Gifted. I’ve grown to hate that word. Especially what it implies. Is there really someone handing out talents wrapped up with ribbons to newborn babies, then withholding some from the next one, saying, “Nuh uh, only some people get this”? Of course not. There’s no gift involved. If giftedness does indeed exist, it’s a product of genetics, environment, and personality, not some heavenly beneficiary.
If I sound like some bitter person railing against the ‘nerds’, I’m not. I’m one of the ‘gifted’ students myself, to my chagrin. At least, a bunch of tests I suffered through when I was little say I am.
Contrary to what people say, being ‘gifted’ isn’t much of a gift. At times it can be more of a curse. Because I was ‘gifted’, I was sent to special classes, separated from other students. I felt different, marked. I had issues socializing with non-‘gifted’ children, although I don’t know how much of that was just my personality, to be honest. Anyway, people built this image of me and other ‘gifted’ kids as geniuses who could do no wrong. At school, we weren’t real people to them. And here’s the thing – I don’t think anyone’s gifted. Or maybe everyone is. I’ve not seen that many signs that I’m any smarter than the average person. At least not very. I think gifted students are placed on this pedestal, made bigger than they really are, when really it’s more a factor of their ambition and how hard they’re willing to work. I spend more time on schoolwork than my peers, so I get better grades. Does this mean I’m any smarter? Not really.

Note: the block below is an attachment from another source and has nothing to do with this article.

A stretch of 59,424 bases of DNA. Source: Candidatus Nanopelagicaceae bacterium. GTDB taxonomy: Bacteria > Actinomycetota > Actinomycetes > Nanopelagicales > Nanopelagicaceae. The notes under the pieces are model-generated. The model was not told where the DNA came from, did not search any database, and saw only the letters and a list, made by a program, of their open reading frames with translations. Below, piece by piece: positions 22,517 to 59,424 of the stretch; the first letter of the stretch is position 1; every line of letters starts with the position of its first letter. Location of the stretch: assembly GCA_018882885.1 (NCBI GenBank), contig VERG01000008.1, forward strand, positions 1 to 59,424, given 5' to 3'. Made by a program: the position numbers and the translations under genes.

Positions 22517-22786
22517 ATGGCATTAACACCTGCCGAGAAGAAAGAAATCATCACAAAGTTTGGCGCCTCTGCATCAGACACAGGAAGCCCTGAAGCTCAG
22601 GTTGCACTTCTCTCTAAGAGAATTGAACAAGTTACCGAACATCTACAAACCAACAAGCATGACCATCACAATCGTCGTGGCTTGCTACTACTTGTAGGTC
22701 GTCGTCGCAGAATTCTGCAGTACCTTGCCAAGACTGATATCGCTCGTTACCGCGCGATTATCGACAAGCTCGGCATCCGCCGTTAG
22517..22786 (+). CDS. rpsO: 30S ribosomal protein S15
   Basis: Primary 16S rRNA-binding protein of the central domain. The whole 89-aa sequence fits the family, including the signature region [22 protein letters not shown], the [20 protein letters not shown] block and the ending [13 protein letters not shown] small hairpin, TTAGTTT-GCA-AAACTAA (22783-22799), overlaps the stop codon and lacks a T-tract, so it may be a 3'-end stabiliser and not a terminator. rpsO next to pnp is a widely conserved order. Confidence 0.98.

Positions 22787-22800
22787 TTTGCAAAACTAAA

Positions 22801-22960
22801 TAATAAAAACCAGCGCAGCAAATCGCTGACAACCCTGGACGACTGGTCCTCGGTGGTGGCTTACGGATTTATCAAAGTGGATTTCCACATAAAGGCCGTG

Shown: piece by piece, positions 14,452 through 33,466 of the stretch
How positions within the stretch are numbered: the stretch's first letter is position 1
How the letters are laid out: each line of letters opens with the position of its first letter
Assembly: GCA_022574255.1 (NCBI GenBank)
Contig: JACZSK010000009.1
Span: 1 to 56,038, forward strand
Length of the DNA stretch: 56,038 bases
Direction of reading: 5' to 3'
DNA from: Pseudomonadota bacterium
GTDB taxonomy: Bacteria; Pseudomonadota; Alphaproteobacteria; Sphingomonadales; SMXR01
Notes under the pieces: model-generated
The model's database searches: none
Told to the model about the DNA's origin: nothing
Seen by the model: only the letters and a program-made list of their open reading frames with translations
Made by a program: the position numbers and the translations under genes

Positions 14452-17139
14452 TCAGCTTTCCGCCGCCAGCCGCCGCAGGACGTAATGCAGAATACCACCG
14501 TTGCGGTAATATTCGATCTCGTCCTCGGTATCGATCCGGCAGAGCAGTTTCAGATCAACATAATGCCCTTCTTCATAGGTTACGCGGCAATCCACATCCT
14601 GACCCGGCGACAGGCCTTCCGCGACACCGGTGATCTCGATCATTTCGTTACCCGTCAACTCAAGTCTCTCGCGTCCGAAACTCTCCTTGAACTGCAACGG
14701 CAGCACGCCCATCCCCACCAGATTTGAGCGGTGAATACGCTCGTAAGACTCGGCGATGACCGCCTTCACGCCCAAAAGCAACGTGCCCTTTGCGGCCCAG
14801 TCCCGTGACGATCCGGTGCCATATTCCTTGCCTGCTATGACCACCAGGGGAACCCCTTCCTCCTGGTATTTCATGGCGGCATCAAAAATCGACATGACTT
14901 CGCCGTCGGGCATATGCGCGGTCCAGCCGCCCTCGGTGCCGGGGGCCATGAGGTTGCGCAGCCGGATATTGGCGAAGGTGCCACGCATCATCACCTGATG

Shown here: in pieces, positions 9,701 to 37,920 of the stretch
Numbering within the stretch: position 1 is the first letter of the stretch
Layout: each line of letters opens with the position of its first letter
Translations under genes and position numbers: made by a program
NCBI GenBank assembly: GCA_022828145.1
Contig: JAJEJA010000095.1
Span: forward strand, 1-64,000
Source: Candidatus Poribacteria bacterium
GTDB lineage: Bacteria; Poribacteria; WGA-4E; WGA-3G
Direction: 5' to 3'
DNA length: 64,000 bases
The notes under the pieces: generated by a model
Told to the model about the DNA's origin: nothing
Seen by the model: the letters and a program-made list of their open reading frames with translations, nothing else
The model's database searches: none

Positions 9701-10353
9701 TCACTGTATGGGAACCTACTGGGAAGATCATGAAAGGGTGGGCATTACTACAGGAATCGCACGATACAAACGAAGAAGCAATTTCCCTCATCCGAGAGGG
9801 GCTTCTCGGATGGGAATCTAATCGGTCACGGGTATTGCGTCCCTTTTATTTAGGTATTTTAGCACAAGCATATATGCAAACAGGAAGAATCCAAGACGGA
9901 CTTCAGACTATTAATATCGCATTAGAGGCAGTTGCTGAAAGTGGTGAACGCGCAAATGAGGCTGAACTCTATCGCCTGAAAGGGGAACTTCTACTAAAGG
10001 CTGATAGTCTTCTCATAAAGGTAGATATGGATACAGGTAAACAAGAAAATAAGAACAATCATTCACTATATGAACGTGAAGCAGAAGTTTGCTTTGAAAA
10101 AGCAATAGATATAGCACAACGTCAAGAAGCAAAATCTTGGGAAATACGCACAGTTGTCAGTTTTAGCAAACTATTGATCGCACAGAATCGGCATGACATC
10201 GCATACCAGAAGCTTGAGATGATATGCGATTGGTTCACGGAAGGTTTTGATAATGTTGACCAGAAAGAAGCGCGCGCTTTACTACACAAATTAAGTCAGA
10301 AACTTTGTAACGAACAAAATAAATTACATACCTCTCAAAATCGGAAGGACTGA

Not long ago, a counselor called me and three others into her office. “Do you know why you’re here?” she asked.
We shook our heads.
“You’re all gifted,” she told us.
“Isn’t everyone in our class?” I asked.
“No,” she answered, seeming surprised at the question.
This startled me. If you’re more than halfway through the junior year of the IB program and still alive, functioning, and turning in homework, you’re pretty special in my book. But here the four of us were. Different, apparently, singled out by test scores that really don’t mean anything.
The fact is, ‘gifted’ is just another label that divides us. Like ‘jock’. Like ‘popular’. Like ‘troubled’. People take one aspect of our personality and magnify it, make it all we are. And what’s worse is this is some of the earliest labeling we encounter. I was probably six when my IQ test said I was ‘special’. Shouldn’t we be trying to instill connections in children at six years instead of dividing them?
Different people like and work harder at different things, it’s true. Maybe there is some natural talent involved. But no-one handed me a box when I was born. Instead, testers tried to shove me into one. It’s time to stop dividing us, labeling us practically before we can talk. We don’t need to tell some kids that they’re more likely to succeed, while basically sending a message to the others that they’re not good enough. Children are under enough pressure these days, all right? Let us find our own ways. Because everyone is capable of doing amazing things, not just some of us. Not just the ones that fill the right bubbles or reach the right number of points on some test chock full of acronyms. Everyone is gifted. Which means no one is.
And that’s a good thing.